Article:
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A Tool for Sustainability: Measuring Outcomes with Indicators of Ecosystem Health

EPA Grant Number: SU831865
Title: A Tool for Sustainability: Measuring Outcomes with Indicators of Ecosystem Health
Investigators: Sisk, Thomas D. , Aguilar-González, Bernardo , Bayha, Jeff , Loeser, Matthew R. , Muñoz-Erickson, Tischa A.
Current Investigators: Sisk, Thomas D. , Aguilar-González, Bernardo , Loeser, Matthew R. , Muñoz-Erickson, Tischa A. , Richey, Amy
Institution: Northern Arizona University , Prescott College
EPA Project Officer: Nolt-Helms, Cynthia
Project Period: September 30, 2004 through May 1, 2005
Project Amount: $9,320
RFA: P3 Awards: A National Student Design Competition for Sustainability Focusing on People, Prosperity and the Planet (2004)
Research Category: P3 Challenge Area - Ecosystems , Pollution Prevention/Sustainable Development

Description:

Management of arid rangelands for sustainability has emerged as a high public priority, but the decision-making process is often paralyzed by conflicting stakeholder demands. With increasing frequency, collaborative management efforts are being launched in the form of community-based groups and partnerships to overcome stakeholder disagreement. Fundamental to the success of these management teams, and ecosystem management itself, is a robust tool that integrates scientific and technical information to measure sustainability. Once applied, such a tool could objectively assess management actions and rangeland condition, thereby settling the most contentious issues of rangeland management. Based on a focal area of 400,000 acres of mixed-ownership rangeland, we have developed an integrated framework (Holistic Ecosystem Health Indicator - HEHI) as a methodological tool to assess, evaluate, and monitor rangeland health based on ecological and economic sustainability goals. Through the use of a range of indicators, this framework integrates multiple ecological and sociological criteria to quantify their responses through time. The current HEHI framework is comprised of 54 core indicators: 21 for the ecological branch; 12 for the social branch; and 21 for the interactive branch. Categories for the ecological branch include: vegetation, watershed, soil quality, primary productivity, and wildlife. Categories for the social branch include: economic stability, demographics, income, and community strength and well-being. Categories for the interactive branch include: collaborative process outcomes, land use practices, awareness and public attitudes, land distribution, and implementation of regulation. This proposal identifies three key needs for successful implementation of the framework: 1) refinement of the HEHI framework through stakeholder input, 2) testing of protocols for measuring the 54 core indicators, and 3) training workshops for stakeholders. The first two goals will be accomplished through facilitated meetings with stakeholders and subsequent on-the-ground testing of the indicators by researchers and stakeholders. The final goal will be achieved through training-workshops led by the research team. These workshops will target representatives of all key stakeholder groups, including land management agencies, ranchers, and environmentalists, as well as educators. This approach has the added benefit of helping to expand capacity for effective collaboration among stakeholders and agencies by making information transparent, facilitating communication, and increasing mutual learning. Once implemented, the HEHI framework will serve as a rubric for management actions, clearly elucidating the components of a sustainable rangeland ecosystem. In this sense, the HEHI framework has wide implications for institutionalizing concepts of sustainability in a way that is practical for improving the lives of people, their prosperity, and the planet.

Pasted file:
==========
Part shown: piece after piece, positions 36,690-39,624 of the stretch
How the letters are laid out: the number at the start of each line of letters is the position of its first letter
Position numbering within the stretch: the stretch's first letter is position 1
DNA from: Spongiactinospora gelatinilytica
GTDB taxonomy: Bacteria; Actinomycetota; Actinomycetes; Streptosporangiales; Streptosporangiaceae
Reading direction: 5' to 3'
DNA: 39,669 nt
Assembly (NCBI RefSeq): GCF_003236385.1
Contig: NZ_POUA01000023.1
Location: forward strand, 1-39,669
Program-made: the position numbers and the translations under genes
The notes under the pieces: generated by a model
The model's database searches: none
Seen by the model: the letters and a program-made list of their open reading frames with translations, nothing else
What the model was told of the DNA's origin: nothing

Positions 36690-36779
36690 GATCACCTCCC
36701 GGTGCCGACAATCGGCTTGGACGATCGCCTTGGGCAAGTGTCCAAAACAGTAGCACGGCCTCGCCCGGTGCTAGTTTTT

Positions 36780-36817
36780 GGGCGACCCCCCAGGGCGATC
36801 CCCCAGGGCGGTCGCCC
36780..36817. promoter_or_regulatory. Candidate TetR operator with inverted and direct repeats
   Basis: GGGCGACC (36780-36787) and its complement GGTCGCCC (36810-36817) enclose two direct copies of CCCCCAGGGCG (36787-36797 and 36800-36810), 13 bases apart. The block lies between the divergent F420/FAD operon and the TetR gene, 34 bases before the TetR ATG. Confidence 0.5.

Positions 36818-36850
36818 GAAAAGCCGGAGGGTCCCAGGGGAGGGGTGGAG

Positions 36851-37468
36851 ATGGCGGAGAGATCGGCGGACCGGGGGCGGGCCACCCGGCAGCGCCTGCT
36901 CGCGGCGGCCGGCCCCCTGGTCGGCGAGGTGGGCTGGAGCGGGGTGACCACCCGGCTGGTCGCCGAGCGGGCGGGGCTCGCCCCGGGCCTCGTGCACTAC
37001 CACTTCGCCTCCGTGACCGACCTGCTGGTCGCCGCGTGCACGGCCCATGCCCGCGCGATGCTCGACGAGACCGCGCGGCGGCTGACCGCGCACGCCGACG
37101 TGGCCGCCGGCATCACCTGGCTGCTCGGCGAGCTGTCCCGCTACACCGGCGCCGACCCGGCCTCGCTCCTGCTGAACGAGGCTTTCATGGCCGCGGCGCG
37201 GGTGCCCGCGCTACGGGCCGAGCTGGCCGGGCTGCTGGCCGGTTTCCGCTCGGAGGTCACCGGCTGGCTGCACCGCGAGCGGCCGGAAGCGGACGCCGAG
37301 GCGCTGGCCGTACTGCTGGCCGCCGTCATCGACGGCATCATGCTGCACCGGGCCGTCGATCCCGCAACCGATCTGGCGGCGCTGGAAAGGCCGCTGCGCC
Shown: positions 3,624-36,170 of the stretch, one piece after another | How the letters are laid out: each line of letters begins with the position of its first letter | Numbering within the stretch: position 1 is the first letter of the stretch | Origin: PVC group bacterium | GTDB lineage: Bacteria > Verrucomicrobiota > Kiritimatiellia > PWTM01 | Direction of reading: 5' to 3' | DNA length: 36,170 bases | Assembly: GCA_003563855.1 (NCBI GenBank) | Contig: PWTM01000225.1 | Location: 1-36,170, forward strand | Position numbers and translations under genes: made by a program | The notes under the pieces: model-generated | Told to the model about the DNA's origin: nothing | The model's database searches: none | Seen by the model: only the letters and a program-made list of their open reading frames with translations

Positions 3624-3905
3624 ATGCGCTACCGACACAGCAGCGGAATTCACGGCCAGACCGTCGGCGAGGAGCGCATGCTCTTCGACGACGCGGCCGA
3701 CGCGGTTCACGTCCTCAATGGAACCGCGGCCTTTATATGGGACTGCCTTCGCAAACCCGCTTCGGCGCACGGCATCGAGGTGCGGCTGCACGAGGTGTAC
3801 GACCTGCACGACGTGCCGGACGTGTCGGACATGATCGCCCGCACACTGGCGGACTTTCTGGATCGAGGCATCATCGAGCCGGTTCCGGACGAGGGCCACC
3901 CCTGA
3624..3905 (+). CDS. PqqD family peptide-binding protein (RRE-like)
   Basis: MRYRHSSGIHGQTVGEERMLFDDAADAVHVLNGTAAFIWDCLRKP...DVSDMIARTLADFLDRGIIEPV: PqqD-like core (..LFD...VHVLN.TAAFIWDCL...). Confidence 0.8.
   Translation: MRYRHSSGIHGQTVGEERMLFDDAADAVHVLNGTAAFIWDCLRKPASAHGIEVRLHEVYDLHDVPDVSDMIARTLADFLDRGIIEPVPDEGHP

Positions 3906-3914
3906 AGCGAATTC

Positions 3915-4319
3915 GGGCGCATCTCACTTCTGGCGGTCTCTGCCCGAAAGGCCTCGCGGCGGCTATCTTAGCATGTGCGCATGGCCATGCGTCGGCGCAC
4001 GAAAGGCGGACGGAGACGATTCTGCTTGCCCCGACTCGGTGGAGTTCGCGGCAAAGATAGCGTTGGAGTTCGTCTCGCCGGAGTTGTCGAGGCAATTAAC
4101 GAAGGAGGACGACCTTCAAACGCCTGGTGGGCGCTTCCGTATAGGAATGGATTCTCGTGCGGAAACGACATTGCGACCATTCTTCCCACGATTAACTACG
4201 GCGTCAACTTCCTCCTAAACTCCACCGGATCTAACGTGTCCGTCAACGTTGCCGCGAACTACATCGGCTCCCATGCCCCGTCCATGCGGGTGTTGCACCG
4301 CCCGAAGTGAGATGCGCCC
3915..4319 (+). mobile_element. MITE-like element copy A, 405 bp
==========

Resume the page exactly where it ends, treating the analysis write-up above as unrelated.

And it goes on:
Supplemental Keywords:

ecosystem, indicators, integrated assessment, decision making, monitoring, RFA, Scientific Discipline, Sustainable Industry/Business, Sustainable Environment, Technology for Sustainable Environment, Environmental Monitoring, Ecology and Ecosystems, Urban and Regional Planning, arid rangeland, decision making, environmental sustainability, community based, ecosystem indicators, computer generated alternatives, ecosystem assessment tool, environmental education

Progress and Final Reports:
Final Report

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The perspectives, information and conclusions conveyed in research project abstracts, progress reports, final reports, journal abstracts and journal publications convey the viewpoints of the principal investigator and may not represent the views and policies of ORD and EPA. Conclusions drawn by the principal investigators have not been reviewed by the Agency.

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